Ashenfelter 8K, Tom Fleming Mile ready to be run

Undated Ashenfelter 8K.

GLEN RIDGE, NJ — The 19th annual Ashenfelter 8K race will be run tomorrow, Thursday, Nov. 22. Scheduled to start at 9 a.m., it will be preceded by the Tom Fleming Mile race at 8:15 a.m.

Speaking late last week, Dan Murphy, the race director and a member of the borough council, said that about 2,000 runners had pre-registered for the 8K. He expected another 400 to join them. The Fleming Mile had 300 pre-registered runners with another 100 expected. These numbers are about the same as last year.

In the Ashenfelter 8K, the winner of the 2017 race, Morgan Pearson, of New Vernon, is registered to compete again. Also, the sixth-place women’s finisher in the 2018 NYC Marathon, Mary Keitany, will be there. Keitany finished 26th overall in the NYC event.

Murphy said the course has been slightly redesigned. The start will now be at Ridgewood and Bloomfield avenues. It was previously farther south at Ridgewood Avenue and Snowden Place, near the Glen Ridge Women’s Club. As before, from the gun the race heads north on Ridgewood Avenue.
“It will be easier to get the race under way,” he said of the change. “The finish line is about the same. The first mile has a bit of a kink because we had to take up the slack there. The second, third and fourth mile marks are the same.”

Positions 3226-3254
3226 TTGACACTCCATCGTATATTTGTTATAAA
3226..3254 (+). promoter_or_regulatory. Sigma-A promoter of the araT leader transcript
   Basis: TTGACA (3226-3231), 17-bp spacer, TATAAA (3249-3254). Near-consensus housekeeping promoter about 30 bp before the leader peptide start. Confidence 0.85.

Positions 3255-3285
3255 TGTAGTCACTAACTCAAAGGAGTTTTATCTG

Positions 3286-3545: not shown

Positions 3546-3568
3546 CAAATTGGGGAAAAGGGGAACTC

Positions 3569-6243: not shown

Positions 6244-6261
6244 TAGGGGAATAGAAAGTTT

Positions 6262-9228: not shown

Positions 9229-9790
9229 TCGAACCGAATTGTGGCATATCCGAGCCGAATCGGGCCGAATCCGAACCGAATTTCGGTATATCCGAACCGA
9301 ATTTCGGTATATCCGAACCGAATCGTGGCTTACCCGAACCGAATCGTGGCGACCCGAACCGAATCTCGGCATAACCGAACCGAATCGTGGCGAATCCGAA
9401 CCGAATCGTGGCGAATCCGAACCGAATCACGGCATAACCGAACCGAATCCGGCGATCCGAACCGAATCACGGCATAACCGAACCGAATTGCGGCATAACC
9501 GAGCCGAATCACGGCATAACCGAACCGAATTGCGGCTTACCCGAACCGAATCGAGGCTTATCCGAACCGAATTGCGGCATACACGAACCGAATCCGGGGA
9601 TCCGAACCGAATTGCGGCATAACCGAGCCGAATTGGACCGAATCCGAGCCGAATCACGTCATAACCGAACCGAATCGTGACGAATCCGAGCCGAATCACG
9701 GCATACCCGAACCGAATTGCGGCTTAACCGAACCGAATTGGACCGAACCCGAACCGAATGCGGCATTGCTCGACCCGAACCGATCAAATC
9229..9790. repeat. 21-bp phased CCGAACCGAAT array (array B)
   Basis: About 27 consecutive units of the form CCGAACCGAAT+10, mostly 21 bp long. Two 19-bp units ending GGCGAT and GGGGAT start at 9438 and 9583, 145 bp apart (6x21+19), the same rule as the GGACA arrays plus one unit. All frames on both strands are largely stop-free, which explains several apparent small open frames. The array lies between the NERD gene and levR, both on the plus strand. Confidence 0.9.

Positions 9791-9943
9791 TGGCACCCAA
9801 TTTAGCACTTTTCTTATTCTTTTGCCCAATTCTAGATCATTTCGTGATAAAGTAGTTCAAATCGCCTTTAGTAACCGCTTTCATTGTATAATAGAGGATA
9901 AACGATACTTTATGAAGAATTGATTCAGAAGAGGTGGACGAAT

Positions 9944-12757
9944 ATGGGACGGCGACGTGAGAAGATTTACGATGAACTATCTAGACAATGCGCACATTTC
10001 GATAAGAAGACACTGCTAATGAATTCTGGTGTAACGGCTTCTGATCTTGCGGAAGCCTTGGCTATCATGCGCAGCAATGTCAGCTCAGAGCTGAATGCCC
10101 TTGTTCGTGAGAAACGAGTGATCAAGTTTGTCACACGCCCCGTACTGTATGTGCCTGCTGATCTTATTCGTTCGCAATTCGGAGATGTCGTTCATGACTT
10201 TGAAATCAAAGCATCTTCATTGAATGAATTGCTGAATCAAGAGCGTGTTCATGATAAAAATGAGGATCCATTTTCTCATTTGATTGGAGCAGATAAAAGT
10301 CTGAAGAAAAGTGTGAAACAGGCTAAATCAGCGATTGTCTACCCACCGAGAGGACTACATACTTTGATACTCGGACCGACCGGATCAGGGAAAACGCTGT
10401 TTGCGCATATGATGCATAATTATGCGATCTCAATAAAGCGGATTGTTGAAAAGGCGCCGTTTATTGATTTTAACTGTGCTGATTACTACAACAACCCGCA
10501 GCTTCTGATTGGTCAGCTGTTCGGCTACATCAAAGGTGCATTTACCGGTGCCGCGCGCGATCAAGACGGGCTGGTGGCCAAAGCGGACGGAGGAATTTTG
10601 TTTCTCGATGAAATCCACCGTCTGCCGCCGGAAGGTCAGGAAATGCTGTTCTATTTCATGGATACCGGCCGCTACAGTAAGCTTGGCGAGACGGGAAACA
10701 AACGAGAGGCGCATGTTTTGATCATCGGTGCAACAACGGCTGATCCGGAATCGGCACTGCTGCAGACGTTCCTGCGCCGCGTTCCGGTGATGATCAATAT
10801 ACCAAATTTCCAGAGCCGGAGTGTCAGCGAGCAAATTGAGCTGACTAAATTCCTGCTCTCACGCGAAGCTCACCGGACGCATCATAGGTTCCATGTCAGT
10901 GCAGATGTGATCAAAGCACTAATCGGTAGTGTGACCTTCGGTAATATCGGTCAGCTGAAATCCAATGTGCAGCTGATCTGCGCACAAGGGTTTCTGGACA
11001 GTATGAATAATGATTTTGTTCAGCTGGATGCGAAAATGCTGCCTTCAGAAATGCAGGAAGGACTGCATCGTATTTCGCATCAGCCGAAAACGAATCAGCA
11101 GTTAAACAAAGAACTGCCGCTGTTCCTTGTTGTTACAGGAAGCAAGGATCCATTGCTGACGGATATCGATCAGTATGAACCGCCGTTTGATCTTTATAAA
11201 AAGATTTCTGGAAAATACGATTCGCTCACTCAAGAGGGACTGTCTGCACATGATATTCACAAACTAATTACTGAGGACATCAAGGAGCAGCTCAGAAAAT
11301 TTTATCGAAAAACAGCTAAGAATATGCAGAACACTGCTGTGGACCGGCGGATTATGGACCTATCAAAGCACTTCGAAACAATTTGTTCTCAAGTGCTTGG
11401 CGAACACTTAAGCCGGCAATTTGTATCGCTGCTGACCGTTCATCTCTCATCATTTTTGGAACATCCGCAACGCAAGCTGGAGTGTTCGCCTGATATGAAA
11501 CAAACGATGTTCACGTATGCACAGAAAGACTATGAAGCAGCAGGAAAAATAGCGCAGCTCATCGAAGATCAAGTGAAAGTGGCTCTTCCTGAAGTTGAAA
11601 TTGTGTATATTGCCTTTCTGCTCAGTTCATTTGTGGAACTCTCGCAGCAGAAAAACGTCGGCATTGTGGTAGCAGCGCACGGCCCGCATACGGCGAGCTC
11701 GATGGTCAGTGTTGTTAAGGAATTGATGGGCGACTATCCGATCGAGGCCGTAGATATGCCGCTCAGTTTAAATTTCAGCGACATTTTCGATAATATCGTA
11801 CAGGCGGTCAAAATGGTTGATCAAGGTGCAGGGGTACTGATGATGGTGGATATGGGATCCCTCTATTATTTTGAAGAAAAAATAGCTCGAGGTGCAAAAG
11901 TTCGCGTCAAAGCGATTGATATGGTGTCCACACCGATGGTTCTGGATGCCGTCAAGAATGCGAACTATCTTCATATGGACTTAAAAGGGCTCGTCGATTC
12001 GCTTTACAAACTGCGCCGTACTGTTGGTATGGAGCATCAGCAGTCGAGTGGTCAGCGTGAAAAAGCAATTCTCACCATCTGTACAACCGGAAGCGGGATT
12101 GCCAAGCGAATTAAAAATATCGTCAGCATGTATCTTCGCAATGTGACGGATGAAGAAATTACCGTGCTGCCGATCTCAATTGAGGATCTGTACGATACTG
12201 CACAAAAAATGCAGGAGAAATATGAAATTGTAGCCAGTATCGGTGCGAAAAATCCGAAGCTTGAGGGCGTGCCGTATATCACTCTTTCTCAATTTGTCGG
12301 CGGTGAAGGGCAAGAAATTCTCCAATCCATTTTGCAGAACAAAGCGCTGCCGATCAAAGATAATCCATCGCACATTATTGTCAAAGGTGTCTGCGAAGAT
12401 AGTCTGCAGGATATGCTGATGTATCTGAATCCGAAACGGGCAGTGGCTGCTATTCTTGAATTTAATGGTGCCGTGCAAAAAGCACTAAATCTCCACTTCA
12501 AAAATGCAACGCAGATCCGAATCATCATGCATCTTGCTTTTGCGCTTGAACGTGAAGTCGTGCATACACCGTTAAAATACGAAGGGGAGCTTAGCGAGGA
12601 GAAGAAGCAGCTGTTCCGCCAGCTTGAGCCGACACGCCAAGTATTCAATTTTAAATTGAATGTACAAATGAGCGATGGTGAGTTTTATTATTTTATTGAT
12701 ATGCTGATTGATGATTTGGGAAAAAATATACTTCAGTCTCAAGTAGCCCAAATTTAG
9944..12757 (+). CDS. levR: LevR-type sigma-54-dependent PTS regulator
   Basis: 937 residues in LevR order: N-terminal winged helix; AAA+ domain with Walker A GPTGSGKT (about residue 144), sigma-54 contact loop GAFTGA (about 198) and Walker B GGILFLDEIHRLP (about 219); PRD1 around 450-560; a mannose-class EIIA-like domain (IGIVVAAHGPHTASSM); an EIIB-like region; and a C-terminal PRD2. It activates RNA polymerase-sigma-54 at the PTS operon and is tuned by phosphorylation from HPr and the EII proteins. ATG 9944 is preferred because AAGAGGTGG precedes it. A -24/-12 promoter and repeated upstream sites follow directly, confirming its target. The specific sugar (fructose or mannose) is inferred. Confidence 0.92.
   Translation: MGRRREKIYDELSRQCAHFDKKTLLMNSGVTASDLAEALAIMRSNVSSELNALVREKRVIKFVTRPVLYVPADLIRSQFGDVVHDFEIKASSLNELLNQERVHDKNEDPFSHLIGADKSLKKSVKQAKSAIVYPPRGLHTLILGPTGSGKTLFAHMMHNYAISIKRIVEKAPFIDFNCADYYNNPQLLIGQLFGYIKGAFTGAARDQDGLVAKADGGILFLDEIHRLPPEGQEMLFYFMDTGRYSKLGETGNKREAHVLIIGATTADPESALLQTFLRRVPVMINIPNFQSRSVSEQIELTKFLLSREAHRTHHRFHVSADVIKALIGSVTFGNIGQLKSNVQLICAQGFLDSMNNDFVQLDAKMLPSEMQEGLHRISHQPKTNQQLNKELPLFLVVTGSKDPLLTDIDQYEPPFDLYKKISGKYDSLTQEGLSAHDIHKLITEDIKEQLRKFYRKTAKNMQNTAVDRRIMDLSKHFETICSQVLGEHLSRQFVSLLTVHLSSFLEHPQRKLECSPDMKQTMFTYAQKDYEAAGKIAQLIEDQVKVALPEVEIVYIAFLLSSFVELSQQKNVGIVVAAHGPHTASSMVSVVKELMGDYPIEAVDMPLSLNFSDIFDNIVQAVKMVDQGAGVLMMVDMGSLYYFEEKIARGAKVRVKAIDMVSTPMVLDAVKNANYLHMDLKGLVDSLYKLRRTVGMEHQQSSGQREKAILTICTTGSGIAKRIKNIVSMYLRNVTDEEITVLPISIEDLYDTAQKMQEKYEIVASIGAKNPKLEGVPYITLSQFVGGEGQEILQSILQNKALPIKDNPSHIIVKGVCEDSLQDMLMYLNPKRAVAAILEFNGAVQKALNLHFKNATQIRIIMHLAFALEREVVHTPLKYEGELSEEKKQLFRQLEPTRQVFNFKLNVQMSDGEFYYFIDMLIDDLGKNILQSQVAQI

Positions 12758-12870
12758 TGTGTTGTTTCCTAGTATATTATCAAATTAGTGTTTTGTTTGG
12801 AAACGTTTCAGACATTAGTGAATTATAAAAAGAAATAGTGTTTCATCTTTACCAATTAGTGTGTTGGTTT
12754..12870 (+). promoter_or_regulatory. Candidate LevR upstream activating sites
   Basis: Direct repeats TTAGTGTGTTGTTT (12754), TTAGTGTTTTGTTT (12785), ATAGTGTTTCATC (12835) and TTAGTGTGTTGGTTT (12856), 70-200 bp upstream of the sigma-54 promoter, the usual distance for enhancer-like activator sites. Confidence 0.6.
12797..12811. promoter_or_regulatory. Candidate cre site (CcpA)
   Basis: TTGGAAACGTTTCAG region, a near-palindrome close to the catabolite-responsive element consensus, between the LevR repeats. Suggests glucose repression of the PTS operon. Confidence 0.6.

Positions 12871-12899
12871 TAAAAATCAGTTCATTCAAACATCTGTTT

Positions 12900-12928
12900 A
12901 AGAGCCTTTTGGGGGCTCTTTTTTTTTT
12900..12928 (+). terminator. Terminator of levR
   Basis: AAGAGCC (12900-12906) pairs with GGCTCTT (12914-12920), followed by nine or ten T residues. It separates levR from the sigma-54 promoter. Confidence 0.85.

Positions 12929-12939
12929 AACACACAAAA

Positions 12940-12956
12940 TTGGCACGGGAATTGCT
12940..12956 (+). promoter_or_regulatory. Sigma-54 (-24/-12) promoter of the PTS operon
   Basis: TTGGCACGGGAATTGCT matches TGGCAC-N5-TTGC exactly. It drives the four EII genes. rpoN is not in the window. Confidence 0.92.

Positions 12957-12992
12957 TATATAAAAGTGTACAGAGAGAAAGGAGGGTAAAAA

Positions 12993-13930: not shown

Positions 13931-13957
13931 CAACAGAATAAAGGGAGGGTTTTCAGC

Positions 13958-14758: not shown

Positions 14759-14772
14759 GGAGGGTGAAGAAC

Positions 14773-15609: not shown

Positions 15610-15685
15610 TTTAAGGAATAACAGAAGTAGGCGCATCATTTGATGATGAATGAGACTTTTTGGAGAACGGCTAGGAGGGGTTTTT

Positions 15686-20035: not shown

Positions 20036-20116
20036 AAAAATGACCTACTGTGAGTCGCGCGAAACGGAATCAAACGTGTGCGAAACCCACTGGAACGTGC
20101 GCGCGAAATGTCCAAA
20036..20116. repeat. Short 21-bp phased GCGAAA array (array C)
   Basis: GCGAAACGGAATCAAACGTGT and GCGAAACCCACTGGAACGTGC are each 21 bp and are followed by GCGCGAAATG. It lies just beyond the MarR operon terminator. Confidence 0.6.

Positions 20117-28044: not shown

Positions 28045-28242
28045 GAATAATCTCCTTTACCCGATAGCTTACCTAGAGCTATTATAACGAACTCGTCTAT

Because of the changes, the course had to be recertified. Recertification is otherwise done every 10 years.
Murphy likened the event to a well-oiled machine with 100 volunteers.

He became race director in 2000. At the time, the mile race did not exist. What was run was the Glen Ridge Turkey Trot 10K. But Murphy shortened the race and named it after Horace Ashenfelter, an Olympian who made his home in the borough. The Tom Fleming Mile will be run for the sixth time.

It is named after the two-time NYC Marathon winner who resided here and in Bloomfield.
Murphy said he thinks the proliferation of organized, long-distance races has stabilized, although some occasionally pop up.
“I just think our race is better run,” he said. “And we bring out some fast runners.”